I started this series on the Power of Story with the point that, in one way or another, we all want to create. We are creative beings, and stories are works of creation, or sub-creation as Tolkien writes. In this sub-creation we reflect the image of our Creator, who made us and gave us the ability to be creative, in His image and likeness.
In the second post I gave a working definition to the question, What is a story? I believe that a story is a creation of a secondary world through which the reader can enter in and experience life from a different perspective, in order to nourish his or her soul in ways he or she could not from his or her own limited perspective. John Wilson, editor of Books and Culture, said it this way, “Each book a self-contained world.” Writing a story is creating a believable world, but it’s a believable world into which we can enter, and through which we can be nourished. Tolkien says it this way in “On Fairy Stories:”
Children are capable, of course, of literary belief, when the story-maker’s art is good enough to produce it… What really happens is that the story-maker proves a successful ‘sub-creator’. He makes a Secondary World which your mind can enter. Inside it, what he relates is ‘true’: it accords with the laws of that world. You therefore believe it, while you are , as it were, inside.
With those two posts as our starting point and foundation, I want to move into the heart of the primary question I want to answer, What do stories do? Because I believe stories do something in us – good, well-written stories. I believe the best way to define or describe what stories do is through the word nourish. Stories have the ability to promote growth in us. Stories can furnish or sustain us with nutriment, like food. Stories can maintain and support us in varied and different ways.
We have all read stories, or seen or heard stories, that resonate deep within our souls. These stories give flesh and bones to truths that we know or have heard, but did not really move us until the story gave that truth depth and meaning and substance. How do stories do that?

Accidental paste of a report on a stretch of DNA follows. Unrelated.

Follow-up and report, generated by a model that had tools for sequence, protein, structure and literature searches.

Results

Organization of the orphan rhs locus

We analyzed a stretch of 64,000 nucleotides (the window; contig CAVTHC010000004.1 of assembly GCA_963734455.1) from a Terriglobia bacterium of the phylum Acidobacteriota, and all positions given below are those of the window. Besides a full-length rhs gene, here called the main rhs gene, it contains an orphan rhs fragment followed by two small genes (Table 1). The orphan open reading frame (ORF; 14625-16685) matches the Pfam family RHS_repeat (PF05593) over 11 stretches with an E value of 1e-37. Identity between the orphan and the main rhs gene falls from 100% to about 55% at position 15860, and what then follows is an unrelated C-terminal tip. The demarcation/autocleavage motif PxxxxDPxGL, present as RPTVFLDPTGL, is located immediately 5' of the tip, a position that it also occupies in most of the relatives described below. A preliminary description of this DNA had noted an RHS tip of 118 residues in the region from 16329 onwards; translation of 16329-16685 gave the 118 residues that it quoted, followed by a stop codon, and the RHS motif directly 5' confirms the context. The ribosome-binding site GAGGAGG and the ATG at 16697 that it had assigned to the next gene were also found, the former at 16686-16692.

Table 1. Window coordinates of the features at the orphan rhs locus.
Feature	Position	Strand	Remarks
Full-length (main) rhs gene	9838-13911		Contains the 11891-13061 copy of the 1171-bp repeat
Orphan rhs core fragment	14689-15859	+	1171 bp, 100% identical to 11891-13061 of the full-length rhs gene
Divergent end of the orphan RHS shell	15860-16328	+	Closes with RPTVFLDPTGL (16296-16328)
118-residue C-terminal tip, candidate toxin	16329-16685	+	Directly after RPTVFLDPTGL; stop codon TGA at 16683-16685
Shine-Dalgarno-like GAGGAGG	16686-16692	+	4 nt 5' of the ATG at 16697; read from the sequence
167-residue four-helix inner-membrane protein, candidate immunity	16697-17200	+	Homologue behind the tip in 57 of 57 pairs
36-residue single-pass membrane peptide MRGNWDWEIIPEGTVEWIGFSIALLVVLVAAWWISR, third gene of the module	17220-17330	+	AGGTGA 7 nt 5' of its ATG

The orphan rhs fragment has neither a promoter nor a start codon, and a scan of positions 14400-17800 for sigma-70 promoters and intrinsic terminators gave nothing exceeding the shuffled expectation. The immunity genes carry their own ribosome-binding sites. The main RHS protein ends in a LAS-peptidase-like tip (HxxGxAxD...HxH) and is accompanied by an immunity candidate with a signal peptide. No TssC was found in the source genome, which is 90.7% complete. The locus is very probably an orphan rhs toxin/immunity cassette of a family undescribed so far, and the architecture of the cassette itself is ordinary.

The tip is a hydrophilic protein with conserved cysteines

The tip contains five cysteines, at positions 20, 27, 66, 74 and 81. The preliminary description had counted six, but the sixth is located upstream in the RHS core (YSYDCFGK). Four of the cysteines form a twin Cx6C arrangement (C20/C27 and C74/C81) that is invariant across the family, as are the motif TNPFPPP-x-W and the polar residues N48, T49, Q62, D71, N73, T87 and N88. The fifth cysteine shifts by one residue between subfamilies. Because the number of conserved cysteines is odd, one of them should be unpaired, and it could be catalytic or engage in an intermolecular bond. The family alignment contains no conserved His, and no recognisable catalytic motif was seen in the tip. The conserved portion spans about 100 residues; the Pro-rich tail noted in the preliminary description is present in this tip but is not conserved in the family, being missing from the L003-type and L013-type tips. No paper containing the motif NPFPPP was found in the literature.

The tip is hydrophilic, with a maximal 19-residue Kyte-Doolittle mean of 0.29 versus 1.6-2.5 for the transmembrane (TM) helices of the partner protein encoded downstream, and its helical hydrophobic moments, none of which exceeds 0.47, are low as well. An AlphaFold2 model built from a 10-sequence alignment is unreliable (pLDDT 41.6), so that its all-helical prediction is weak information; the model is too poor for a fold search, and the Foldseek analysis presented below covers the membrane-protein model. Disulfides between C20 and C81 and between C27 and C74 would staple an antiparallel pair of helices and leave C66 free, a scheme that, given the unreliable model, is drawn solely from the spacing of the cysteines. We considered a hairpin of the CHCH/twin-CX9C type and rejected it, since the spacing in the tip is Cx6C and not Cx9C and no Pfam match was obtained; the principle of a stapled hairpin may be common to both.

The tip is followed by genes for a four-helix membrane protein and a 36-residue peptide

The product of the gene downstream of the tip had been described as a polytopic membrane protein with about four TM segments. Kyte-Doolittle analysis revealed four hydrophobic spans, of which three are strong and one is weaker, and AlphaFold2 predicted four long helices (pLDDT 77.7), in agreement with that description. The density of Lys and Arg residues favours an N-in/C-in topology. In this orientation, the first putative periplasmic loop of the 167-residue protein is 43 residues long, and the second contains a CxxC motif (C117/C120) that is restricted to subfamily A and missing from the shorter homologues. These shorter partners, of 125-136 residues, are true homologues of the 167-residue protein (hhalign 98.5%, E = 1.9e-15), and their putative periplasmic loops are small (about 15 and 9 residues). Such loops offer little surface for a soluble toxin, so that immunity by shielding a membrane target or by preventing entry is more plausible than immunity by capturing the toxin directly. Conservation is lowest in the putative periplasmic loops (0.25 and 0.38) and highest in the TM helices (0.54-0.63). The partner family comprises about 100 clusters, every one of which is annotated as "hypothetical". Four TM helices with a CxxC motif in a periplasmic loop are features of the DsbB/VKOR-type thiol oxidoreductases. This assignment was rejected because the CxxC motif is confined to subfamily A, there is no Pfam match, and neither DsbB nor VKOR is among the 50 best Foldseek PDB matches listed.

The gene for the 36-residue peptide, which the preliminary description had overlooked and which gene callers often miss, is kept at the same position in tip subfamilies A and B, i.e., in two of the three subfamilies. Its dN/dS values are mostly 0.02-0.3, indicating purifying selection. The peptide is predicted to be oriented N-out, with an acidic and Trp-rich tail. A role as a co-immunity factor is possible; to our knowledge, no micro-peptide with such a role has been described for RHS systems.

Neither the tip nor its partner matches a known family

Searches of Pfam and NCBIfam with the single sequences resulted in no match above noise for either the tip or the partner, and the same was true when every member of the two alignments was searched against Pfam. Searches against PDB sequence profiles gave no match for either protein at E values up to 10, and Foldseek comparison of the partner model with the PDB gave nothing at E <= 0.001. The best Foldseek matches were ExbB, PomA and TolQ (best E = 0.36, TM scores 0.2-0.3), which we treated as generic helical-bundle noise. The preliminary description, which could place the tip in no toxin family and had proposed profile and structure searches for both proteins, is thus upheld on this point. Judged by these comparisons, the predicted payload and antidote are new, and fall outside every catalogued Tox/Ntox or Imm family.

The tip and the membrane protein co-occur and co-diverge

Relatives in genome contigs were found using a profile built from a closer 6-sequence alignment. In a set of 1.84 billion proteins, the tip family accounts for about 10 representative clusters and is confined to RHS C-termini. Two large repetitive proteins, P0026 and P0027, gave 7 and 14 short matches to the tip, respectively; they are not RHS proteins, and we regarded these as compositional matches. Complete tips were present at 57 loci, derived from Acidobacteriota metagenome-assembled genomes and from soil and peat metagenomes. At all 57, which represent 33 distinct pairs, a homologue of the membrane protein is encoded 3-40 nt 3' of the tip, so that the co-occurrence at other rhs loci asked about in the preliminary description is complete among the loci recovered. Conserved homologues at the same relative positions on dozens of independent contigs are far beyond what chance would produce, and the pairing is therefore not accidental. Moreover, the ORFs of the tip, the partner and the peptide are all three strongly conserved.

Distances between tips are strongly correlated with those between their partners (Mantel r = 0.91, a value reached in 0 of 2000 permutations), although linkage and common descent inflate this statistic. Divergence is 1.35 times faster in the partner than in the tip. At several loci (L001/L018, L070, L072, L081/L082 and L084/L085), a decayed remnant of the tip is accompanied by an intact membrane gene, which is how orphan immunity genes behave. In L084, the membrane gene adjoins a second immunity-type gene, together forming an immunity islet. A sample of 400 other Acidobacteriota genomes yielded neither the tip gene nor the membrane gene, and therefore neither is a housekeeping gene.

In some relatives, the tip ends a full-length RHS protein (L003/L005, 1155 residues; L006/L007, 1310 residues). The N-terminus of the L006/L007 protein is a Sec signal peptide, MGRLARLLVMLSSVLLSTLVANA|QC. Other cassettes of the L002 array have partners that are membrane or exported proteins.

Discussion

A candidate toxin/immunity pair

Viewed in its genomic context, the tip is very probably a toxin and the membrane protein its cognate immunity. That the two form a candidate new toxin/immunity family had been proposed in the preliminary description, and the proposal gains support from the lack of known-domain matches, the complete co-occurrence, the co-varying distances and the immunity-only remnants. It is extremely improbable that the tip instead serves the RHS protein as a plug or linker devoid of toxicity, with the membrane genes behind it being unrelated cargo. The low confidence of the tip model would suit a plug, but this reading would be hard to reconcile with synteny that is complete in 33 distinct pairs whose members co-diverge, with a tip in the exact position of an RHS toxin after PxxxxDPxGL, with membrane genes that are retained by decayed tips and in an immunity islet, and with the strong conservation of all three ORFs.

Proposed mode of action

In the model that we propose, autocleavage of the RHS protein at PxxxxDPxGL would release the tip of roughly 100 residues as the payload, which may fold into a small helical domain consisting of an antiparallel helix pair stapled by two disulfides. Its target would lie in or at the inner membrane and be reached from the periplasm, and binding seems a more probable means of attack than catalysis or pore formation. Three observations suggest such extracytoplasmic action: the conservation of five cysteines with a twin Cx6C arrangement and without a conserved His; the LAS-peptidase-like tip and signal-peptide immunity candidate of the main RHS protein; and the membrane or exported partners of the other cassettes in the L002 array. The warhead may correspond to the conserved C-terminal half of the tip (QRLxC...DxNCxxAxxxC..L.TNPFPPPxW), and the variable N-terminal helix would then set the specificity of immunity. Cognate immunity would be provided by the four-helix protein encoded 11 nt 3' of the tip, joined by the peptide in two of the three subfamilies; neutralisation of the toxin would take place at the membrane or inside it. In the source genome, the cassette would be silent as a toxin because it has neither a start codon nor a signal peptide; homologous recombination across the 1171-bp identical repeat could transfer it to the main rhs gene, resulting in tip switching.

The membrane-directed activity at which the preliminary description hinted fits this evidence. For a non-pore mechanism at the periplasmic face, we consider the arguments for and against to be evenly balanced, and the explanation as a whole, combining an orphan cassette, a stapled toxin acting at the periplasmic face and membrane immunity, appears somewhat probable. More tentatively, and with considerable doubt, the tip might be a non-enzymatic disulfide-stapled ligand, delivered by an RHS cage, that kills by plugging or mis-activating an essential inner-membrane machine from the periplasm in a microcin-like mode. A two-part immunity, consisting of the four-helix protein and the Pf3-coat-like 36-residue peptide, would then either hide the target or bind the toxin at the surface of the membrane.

First, stories nourish when they reflect. Stories are mirrors. Stories reflect to us something that already exists. Stories tell us truths we know or should know about
Stories show us ourselves. Stories give us the ‘Eureka!’ moment – that’s me! That’s what I do! Growing up I was always the youngest, the smallest, the late bloomer, the last one picked. I felt small, like a Hobbit. I have always resonated, then, with Frodo and Bilbo and their ability to surprise others, especially Gandalf, with what they were enabled to do, despite their smallness.
“My dear Frodo!’ exclaimed Gandalf. ‘Hobbits really are amazing creatures, as I have said before. You can learn all that there is to know about their ways in a month, and yet after a hundred years they can still surprise you at a pinch…. I have chosen Mr. Baggins and that ought to be enough for all of you…. There is a lot more in him than you guess, and a deal more than he has any idea of himself.”
From what story have you learned more about yourself?
Stories tell us about life. Like a container we cannot open, life has a way of befuddling us. But stories can often reflect and clarify life in ways we had never thought before. Frank Capra had a way of doing just that, in movies like “It’s a Wonderful Life!” Clarence said it this way: “Each man’s life touches so many other lives. When he isn’t around he leaves an awful hole, doesn’t he?” We have trouble believing it at times, don’t we – but it’s true. That movie cleared the grime and dust and smudges off the mirror to show truth about life to me.
What story has cleaned the mirror for you?
Stories tell us about God, the great story teller. If stories are sub-creation, reflecting the Creator, then stories will, when ‘true’, tell us about the One who has written the master story of which we are a part. Dan Taylor, in his talk on the life-shaping power of story, said that stories are God’s idea. And God shows us they are his idea by having the majority of the Bible written in the form of stories. Taylor said “The single best way of conceiving of faith and the life of faith is by seeing it as a story in which you are a character.”
Stories that ring true to us are true when and because they fit into and reflect the Master Story that God has written. The story of Mephibosheth (2 Samuel 9) rings true for us because each of us is a broken crippled person who needs the God of heaven to take us in, love us, and give us the privilege to eat at the king’s table always.
What story has revealed more of God’s nature and character to you?
Join me in upcoming posts as we continue to flesh out what stories do to nourish us.